Milkweed family (Asclepiadaceae)
Description: This native perennial vine is up to 15' long and non-woody. The stems twine about adjacent vegetation and fences, climbing upward toward the light. These stems are light green, round in circumference, and shiny; they often have lines of fine white hairs. Opposite leaves up to 6" long and 2½" across occur at intervals along the stems. They are triangular-cordate, glabrous, and dark green. Their margins are smooth, but sometimes undulate up and down. The sinus of the leaf blade is somewhat flattened. The petioles are up to 3" long and often reddish green. A milky sap is absent from the foliage. From the axils of the middle to upper leaves, there are small clusters of flowers. Each flower is white or pinkish white and up to ¼" long. The structure of each flower consists of a light green calyx with 5 lanceolate lobes, a white corolla with 5 linear lobes (sometimes with pink tips), and a white corona (or crown-like appendage) surrounding the reproductive organs in the center. The lobes of the corolla are semi-erect and rather twisted. The corona is divided into 5 segments; each segment has 2 linear extensions at its apex that are rather membranous and twisted. The blooming period occurs from mid-summer to early fall and lasts about 1-2 months. The flowers have a strong honey-like fragrance. If cross-pollination of a flower occurs, there develops a smooth follicle up to 4" long that tapers gradually to a point at one end. This follicle is initially green, although it laters becomes reddish green and finally brown. When the follicle splits open along one side, it releases numerous seeds. Each seed has a large tuft of white hairs, which enables distribution by the wind. The root system consists of a taproot and long rhizomes. This vine reproduces by vegetative offsets or by reseeding itself.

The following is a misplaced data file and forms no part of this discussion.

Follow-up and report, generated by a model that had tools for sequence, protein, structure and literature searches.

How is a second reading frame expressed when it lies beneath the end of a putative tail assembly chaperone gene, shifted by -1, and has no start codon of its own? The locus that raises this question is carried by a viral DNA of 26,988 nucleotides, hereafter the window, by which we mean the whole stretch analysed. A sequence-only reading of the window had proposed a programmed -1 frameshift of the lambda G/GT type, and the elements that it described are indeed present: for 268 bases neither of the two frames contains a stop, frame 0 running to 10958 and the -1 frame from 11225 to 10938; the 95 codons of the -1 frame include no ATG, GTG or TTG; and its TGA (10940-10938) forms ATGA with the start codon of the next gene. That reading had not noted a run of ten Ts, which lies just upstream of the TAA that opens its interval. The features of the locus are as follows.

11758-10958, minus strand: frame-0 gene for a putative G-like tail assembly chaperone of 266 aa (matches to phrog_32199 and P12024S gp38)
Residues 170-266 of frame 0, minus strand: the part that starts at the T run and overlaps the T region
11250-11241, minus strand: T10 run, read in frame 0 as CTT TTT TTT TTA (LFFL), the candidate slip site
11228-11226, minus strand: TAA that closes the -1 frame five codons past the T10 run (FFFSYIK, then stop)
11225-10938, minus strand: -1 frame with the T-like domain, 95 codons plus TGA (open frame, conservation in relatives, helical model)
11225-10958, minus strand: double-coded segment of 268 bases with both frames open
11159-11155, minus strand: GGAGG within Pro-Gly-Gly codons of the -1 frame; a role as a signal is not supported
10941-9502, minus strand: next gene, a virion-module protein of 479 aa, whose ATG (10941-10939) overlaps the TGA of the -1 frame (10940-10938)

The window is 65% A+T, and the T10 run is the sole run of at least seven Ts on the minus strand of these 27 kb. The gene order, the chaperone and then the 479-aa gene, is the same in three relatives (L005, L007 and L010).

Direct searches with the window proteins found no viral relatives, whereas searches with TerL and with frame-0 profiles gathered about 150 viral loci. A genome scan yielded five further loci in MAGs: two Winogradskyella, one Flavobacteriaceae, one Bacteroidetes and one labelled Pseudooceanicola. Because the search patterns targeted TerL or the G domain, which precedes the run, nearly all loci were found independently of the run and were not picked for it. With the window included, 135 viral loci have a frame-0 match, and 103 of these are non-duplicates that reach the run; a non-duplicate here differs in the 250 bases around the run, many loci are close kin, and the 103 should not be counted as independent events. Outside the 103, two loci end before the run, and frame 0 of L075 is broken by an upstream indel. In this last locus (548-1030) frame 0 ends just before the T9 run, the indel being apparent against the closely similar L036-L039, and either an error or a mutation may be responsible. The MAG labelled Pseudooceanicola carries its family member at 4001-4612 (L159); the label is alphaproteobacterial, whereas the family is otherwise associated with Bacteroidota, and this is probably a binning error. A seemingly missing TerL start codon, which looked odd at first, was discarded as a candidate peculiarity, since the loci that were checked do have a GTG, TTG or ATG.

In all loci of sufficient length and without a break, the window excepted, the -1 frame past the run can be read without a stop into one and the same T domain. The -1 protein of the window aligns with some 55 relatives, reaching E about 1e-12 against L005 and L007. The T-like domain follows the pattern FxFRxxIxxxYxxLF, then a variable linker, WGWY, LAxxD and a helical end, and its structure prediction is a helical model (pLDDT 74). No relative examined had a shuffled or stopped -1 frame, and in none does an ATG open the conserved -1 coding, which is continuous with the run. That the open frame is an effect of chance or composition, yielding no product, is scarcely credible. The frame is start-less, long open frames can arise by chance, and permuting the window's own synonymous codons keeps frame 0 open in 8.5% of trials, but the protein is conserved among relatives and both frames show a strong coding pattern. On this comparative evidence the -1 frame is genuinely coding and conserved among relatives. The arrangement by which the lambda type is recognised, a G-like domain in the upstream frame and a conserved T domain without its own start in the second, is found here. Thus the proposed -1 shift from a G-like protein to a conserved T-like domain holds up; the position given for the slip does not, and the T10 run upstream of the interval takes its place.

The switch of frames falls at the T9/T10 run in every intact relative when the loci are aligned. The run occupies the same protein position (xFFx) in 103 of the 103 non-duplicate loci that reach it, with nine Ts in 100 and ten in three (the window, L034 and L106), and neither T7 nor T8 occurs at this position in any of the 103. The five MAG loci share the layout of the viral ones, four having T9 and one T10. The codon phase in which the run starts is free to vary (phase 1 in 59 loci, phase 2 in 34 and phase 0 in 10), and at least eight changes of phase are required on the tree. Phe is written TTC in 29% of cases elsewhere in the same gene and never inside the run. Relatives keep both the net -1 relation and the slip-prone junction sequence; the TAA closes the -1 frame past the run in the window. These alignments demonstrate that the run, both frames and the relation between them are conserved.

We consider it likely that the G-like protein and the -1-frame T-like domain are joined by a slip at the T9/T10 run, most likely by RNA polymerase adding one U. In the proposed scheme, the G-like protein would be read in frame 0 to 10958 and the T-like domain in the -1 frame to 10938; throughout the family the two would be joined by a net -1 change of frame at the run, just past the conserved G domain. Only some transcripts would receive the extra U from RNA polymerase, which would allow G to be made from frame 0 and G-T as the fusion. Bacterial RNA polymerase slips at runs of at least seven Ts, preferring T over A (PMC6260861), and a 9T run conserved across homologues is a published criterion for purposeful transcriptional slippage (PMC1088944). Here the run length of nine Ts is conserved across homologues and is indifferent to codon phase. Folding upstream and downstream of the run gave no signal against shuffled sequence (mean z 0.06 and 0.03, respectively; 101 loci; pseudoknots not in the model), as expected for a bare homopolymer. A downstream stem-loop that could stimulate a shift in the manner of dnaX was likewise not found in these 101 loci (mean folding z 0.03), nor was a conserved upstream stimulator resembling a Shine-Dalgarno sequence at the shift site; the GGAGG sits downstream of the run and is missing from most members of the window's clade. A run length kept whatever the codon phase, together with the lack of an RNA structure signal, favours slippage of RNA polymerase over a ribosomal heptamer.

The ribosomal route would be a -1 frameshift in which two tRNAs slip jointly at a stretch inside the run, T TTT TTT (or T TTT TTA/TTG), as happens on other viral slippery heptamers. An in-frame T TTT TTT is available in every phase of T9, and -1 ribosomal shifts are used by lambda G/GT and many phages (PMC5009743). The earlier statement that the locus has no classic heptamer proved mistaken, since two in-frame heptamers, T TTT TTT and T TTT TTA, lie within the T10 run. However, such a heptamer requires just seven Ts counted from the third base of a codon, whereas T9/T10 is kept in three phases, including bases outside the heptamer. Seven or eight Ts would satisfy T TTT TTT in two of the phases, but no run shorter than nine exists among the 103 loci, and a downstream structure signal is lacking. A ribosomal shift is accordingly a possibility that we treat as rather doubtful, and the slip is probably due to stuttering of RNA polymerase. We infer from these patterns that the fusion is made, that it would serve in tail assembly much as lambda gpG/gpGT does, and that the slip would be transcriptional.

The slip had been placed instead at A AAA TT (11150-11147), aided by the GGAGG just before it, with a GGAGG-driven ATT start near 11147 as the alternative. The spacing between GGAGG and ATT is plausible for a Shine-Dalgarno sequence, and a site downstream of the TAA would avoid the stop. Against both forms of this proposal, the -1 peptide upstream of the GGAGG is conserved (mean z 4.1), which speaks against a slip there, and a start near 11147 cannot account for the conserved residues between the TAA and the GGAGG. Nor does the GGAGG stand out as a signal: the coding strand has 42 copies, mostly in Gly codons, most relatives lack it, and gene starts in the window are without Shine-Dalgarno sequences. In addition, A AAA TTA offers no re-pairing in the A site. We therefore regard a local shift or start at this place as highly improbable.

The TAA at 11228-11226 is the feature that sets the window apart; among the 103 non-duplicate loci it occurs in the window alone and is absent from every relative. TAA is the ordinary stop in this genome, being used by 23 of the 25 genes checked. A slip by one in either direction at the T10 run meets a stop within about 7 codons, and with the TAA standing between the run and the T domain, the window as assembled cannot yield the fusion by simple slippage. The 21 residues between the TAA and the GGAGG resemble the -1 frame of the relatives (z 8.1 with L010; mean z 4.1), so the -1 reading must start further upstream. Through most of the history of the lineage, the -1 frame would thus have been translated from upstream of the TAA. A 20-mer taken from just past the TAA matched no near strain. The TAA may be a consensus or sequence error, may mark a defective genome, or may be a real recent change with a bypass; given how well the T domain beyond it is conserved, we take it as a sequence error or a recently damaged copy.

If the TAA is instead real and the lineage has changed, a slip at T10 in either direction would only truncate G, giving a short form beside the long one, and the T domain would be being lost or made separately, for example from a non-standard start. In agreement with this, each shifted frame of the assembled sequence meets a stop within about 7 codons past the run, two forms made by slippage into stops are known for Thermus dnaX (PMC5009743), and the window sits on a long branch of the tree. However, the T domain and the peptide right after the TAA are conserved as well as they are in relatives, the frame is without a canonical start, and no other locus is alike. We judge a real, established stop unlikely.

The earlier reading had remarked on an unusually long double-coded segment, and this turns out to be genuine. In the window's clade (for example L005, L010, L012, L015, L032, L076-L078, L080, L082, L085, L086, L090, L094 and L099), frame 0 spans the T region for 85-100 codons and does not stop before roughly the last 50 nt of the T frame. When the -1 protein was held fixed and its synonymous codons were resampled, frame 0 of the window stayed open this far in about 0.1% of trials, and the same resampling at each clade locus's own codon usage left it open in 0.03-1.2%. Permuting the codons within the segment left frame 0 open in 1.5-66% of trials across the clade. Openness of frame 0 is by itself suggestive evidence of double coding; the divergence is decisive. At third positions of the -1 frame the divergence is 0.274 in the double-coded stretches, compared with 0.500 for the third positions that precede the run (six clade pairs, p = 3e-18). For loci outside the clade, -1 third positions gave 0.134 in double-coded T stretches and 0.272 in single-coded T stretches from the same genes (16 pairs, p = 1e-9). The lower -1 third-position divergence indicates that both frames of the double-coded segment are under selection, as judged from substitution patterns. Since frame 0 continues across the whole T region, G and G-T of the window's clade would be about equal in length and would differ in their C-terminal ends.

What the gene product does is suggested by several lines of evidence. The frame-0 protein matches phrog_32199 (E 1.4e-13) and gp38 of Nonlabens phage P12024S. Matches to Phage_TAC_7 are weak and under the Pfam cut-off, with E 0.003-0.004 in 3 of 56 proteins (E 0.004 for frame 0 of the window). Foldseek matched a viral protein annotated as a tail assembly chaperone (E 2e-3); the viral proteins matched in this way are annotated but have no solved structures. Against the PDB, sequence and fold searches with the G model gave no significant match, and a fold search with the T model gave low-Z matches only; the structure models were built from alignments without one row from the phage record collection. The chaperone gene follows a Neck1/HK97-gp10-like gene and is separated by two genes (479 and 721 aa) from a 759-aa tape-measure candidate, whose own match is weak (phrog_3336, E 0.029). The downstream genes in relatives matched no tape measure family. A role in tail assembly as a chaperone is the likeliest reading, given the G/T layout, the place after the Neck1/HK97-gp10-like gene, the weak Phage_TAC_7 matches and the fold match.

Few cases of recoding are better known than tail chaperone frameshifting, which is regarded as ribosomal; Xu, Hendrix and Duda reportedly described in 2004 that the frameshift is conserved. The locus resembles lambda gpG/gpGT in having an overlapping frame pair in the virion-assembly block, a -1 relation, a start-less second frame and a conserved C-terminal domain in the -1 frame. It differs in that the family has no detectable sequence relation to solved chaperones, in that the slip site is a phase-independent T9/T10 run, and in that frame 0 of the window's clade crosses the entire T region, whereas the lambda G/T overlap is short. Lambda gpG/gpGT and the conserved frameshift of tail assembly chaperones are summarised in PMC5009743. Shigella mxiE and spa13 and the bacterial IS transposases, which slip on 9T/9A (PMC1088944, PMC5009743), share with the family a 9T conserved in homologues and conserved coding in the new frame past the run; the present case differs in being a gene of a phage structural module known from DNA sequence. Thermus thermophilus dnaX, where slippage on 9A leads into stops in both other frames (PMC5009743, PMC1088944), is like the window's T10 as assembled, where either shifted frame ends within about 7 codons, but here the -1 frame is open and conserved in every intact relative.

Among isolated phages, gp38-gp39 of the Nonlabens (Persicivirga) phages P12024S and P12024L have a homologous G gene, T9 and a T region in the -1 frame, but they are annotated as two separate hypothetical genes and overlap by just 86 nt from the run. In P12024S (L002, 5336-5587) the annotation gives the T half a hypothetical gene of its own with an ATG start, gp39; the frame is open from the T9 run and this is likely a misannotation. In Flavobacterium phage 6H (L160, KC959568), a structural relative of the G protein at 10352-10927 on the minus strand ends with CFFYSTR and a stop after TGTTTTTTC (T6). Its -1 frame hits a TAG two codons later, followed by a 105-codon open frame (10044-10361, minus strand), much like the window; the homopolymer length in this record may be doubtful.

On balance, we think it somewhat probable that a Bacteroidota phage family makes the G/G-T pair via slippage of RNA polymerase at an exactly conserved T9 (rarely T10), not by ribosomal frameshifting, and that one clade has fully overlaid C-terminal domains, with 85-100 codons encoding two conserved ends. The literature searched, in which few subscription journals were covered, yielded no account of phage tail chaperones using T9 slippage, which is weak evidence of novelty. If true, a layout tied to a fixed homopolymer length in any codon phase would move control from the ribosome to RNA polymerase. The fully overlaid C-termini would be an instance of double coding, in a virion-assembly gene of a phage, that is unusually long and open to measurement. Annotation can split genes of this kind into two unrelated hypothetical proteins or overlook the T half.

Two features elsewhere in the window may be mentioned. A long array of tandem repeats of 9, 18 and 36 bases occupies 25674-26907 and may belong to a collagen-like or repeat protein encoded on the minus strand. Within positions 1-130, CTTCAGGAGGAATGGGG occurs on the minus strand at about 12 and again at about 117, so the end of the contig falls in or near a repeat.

Cultivation: The preference is full or partial sun, and mesic to dry conditions. Almost any kind of soil is tolerated, including those that contain loam, clay, gravel, or sand. Bluevine can be difficult to get rid off because new shoots can develop from the root system after the entire vine has been pulled. The seeds don't germinate until late spring or early summer.
Range & Habitat: Bluevine is occasional to locally common in southern and central Illinois, while in the northern Illinois it is uncommon or absent (see Distribution Map). Habitats include thickets, banks of rivers and drainage ditches, gravelly areas along railroads and roadsides, cropland, overgrown vacant lots, shrubbery in yards, and fence rows. Bluevine adapts quite well to disturbed habitats and is rather weedy.
Faunal Associations: The nectar of the flowers attracts Halictid bees, Masked bees (Hylaeus spp.), wasps, flies, and Monarch butterflies. Among the flies, are such visitors as Bee flies, Thick-headed flies, Tachinid flies, and Bottle flies. The caterpillars of the butterfly Danaus plexippes (Monarch) feed on the foliage, while Aphis nerii (Milkweed Aphid) sucks juices from the foliage. Mammalian herbivores avoid consumption of the foliage because of its bitter taste and poisonous properties.
Photographic Location: The upper photograph was taken near a railroad in Champaign, Illinois, while the lower photograph was taken at fence row near the webmaster's apartment complex in Urbana, Illinois.
Comments: Bluevine is often referred to as Cynanchum laeve; its scientific name has changed occasionally through the years. Other common names for this species are Honeyvine and Sandvine. A few members of the Milkweed family in Illinois are twining vines, rather than erect herbaceous plants. Most of these occur in southern Illinois in swampy habitats; they are currently classified as Matelea spp. (Climbing Milkweeds), although they were assigned to the Gonolobus genus in the past. The flowers of the Climbing Milkweeds have larger flowers with spreading corolla lobes; they are variously colored. The flowers of Bluevine are smaller with more erect corolla lobes. An introduced species, Vincetoxicum nigrum (Black Swallow-Wort), occurs occasionally in Illinois. It was formerly known as Cynanchum nigrum. Black Swallow-Wort has leaves that are rounded at the base and its flowers are brownish purple. All of these vines produce follicles (seedpods) that resemble those of other members in the Milkweed family.